Amongst the earliest civilizations were those that arose in the geographically distinct regions of Mesopotamia and Egypt.

Because of the physical variations between these two landscapes, the Sumerian and Egyptian civilizations developed differently in terms of their political and cultural structures. According to Hunt (2013), civilization is defined as “a way of life based on agriculture and trade, with cities containing large buildings for religion and government; technology to produce metals, textiles, pottery, and other manufactured objects, and knowledge of writing” (Hunt, 2013). Following the Neolithic Revolution, individuals transitioned from living as hunter-gatherers to settling down permanently and building complex civilizations. The civilizations that emerged in Mesopotamia and Egypt were amongst the first River Valley civilizations to have developed. However, their geographical differences resulted in greater political unity and stability in Egypt, and vastly different cultures in terms of the people’s beliefs and values.   A key similarity between the early civilizations of Egypt and Mesopotamia is that they relied heavily on the Nile, and Tigris and Euphrates Rivers, respectively.

The contrasting behaviors of these bodies of water in each region, however, resulted in political distinctions arising between the two civilizations. The Tigris and Euphrates rivers had damaging effects which resulted from their frequent, unpredictable, and severe flooding. Because the Mesopotamian climate was dry and consisted of little rainfall, the people relied on the rivers as their primary source of water. Such circumstances made it necessary for the Sumerians to build canals, organize labor, and develop systems of irrigation in order to gain control over the difficult geographical characteristics of their region.

The complexity of these agricultural systems required regulation and maintenance, ultimately leading to the establishment of government in Mesopotamia. The region divided into city-states, which were political arrangements that involved a centralized authority (Hunt, 2013). These cities were independent from each other in terms of government, making the Sumerian civilization a rather divided one. Unlike the rivers in Mesopotamia, the Nile River in Egypt flooded annually and was for more calm and easier to control and navigate through. Such characteristics, in contrast with ancient Mesopotamian society, promoted political unity throughout early Egyptian civilization. This was because the stable conditions of the Nile River facilitated communication and transportation, and promoted the exchange of ideas throughout the area.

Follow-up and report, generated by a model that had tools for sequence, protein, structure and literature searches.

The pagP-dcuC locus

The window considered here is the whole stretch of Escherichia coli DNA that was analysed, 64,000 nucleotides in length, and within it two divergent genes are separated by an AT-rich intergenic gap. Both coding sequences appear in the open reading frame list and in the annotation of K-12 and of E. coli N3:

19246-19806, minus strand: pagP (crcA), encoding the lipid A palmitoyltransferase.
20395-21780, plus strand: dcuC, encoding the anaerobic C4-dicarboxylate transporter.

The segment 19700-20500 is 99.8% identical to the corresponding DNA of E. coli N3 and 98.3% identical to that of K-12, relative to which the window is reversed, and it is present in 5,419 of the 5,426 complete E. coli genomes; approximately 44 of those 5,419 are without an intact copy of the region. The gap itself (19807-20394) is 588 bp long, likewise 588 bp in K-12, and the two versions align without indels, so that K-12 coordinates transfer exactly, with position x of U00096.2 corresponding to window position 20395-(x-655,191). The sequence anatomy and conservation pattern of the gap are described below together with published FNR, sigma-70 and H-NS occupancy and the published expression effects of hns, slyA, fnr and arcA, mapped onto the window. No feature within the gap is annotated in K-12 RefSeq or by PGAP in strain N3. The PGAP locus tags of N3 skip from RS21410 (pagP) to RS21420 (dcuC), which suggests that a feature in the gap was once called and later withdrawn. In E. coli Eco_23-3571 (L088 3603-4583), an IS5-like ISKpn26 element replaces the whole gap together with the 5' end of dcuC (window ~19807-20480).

To conclude, while Egyptian and Mesopotamian societies emerged around the same time period, the harsh climate and destructive flooding of the Tigris and Euphrates Rivers caused the Sumerians to develop a more separated government and overall civilization in comparison to the unified, distinct political composition in ancient Egypt.   In addition to the political distinctions discussed above, the contrasting behavior of the Nile and Tigris and Euphrates rivers also help to explain the divergent cultural perspectives of ancient Egyptian and Mesopotamian civilizations. First, unlike the damaging and frequent flooding of the Tigris and Euphrates Rivers, daily life in early Egypt was far more stable as the Nile operated in calm and predictable rhythms. This, in addition to the seemingly miraculous, life-producing nature of the annuals floods, can account for Egypt’s being governed by the divine gods. In other words, the fact that the annual flooding of the Nile would cause the Egyptian landscape to flourish and provide the people with a surplus of agricultural advantages, including the fertilization of soil, led to the idea that this occurrence was “part of a great cosmic rhythm” (Berry, 2015). The Egyptians therefore believed that the floods of their river were a blessing from the divine gods, which contributed to them having an overall more positive outlook altogether. The people of Mesopotamia, on the other hand, believed that the gods they worshipped emerged out of chaos, and that the unpredictable and damaging behavior of the Tigris and Euphrates were brought on as punishment by the gods (Kurht, ).

This led to the more negative or pessimistic outlook that the Sumerians shared. In conclusion, the predictability of the Nile River in Egypt produced a unified culture that perceived the gods as steady and just, while the Sumerians feared the divine forced and thus developed a more hostile culture (Berry, 2015).   The societies that grew in Mesopotamia and Egypt were amongst the first River Valley civilizations to have emerged. However, their geographical differences resulted in vastly different cultures and a more stable, unified political system in Egypt.

The unpredictable nature of the Tigris and Euphrates rivers influenced a more hostile, fearful culture to develop in Mesopotamia, along with a less unified political structure. On the contrary, the controlled nature of the Nile River resulted in Egyptian civilization growing highly communal, feeling that the gods are moral divine beings, and thus living a more comfortable daily life. Evidently, such minor geographical distinctions can cause civilizations to develop very differently. As shown by the evidence provided above, the differences between the early civilizations in Mesopotamia and Egypt can be accounted for with respect to their political and cultural structures.

In this way, the idea that different civilizations respond to the conditions of their natural contexts that shape the way they develop in multiple realms of society. 

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